People from all over the world choose Playa del Carmen or Tulum for their Riviera Maya destination wedding. Twenty percent of our weddings are from Canada, and Nupcias ( http://www.nupciasmagazine.com/nikki-y-matt-un-enlace-con-sabor-a-mar.html) captured the beautiful story book wedding of Nikki & Matt’s, from Toronto, Canada, at the beautiful Grand Coral Beach Club in Playa del Carmen. Whether you have a wedding in your native town or at a destination wedding site, wedding traditions can be incorporated at any time.
Here are some popular cultural traditions:
Chinese wedding ceremony: The color “red” is the color for luck and joy, which can be integrated into any wedding using red attire, linens, floral, seat cushions and party favors. Chinese parasols are wonderful for destination weddings to help shade the Caribbean sun during the ceremony. The Chinese culture also utilizes feng shui to examine the Chinese almanac along with the Bride and Groom’s birth time and date to choose a wedding day. See www.chcp.org for more Chinese traditions.
French and German traditions host a “marriage cup” where the Bride & Groom toast with a traditional cup from their homeland.
Hispanic American traditions usually sees the Bride wear a mantilla, a chapel length white lace veil, traditional white wedding dress, , decorates the church with white roses and usually purchases 3 bouquets, (one for the altar for the Virgin Mary, toss bouquet and her own bouquet). Thirteen gold coins (arras) are given to the Bride from the Groom, as a sign of “giving her all his possessions, where he promises to use all he possess for her support. The “lazo” , a very long rosary rope is draped around the Bride & Groom, as the couple kneels at the altar. For music, a mariachi band plays traditional pieces, “mole” is served during dinner and wedding cookies can be offered for dessert.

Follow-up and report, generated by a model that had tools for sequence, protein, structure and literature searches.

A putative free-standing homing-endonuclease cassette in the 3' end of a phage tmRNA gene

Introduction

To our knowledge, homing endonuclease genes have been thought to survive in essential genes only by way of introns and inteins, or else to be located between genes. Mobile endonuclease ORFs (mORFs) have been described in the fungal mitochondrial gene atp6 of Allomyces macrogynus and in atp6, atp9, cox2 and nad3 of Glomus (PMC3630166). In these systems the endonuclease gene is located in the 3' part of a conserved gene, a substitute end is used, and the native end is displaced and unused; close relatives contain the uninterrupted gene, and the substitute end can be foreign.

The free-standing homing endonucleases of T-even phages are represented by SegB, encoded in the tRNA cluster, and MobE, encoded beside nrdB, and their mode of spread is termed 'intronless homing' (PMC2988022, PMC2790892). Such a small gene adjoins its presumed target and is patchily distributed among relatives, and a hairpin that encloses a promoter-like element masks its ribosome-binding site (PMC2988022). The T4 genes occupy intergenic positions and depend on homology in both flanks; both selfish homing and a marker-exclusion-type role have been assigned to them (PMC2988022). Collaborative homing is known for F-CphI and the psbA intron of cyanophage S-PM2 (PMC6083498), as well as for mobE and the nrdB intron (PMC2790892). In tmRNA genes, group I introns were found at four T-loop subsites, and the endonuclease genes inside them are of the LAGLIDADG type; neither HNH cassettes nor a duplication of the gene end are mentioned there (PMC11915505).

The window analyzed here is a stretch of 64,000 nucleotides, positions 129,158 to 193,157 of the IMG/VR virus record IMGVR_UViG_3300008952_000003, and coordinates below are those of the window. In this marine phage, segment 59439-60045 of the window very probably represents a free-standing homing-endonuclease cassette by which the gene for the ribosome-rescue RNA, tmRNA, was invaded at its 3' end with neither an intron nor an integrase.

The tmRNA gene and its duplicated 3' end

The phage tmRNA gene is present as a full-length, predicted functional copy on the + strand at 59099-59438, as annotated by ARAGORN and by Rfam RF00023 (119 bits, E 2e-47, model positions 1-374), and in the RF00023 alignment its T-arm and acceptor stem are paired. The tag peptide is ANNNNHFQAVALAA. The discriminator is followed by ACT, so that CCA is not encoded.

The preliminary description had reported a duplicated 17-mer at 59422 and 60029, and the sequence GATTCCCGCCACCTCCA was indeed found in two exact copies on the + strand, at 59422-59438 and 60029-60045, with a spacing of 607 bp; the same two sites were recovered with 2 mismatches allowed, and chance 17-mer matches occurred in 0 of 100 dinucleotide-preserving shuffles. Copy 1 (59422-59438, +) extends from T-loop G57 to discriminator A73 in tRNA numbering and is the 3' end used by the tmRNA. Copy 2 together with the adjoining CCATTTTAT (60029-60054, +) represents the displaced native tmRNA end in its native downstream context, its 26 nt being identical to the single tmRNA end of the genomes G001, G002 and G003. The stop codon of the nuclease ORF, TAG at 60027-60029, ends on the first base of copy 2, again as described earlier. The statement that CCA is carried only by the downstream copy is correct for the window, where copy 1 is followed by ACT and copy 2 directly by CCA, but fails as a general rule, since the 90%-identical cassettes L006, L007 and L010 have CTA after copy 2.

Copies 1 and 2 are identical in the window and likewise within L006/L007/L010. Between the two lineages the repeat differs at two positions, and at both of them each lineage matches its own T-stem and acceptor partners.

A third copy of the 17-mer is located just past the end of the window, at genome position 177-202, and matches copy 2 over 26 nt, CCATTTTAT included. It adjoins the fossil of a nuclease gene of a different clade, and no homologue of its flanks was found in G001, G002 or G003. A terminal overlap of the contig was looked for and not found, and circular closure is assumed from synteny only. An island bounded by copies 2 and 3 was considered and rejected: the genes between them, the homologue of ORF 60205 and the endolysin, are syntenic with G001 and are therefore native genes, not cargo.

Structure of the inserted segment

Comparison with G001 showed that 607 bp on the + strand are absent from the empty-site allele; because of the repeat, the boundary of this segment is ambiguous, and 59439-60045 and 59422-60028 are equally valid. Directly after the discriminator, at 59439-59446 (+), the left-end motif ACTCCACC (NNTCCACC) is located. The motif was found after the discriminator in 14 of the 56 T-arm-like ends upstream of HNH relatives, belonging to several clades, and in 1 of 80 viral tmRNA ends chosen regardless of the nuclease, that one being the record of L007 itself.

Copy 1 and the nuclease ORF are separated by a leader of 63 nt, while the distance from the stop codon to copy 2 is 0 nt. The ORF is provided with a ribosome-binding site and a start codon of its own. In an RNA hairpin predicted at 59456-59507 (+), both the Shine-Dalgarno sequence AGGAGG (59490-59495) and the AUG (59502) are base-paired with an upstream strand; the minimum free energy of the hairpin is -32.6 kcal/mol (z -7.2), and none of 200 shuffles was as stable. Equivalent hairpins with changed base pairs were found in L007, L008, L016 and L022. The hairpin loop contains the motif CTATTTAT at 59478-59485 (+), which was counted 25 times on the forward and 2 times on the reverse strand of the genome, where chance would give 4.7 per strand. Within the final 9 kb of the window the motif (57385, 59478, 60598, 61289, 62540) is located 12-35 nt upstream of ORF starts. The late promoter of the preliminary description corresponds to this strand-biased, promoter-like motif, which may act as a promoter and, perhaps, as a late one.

Indian celebrations consist of multiple events with marigold garlands, a mandap (or four pillar canopy) and lavish colors usually consisting of red, gold, maroon, purple, orange and silver. The Hindu Bride usually wears a red and gold sari with a veil to cover her face and wears multiple jewelry pieces. Prior to the wedding day, mehndi (where hands are feet are beautifully decorated with henna) is performed to bring good luck to the Bride. After a joyous procession, usually where the Groom rides a white horse to the venue, (yes, we can do this in Mexico…..) and accompanied by drummers, the Bride and Groom exchange garlands in the varmala ceremony just before entering the mandap. When the Groom places the garland around the Bride’s neck, it symbolizes she has accepted him. Or, as another tradition, the Groom ties a mangalsutra (black and gold beaded necklace with a gold or diamond pendant) around his Bride’s neck.
Wedding planners love to custom design your special event, so be sure to share your traditions or cultural wishes during the planning process.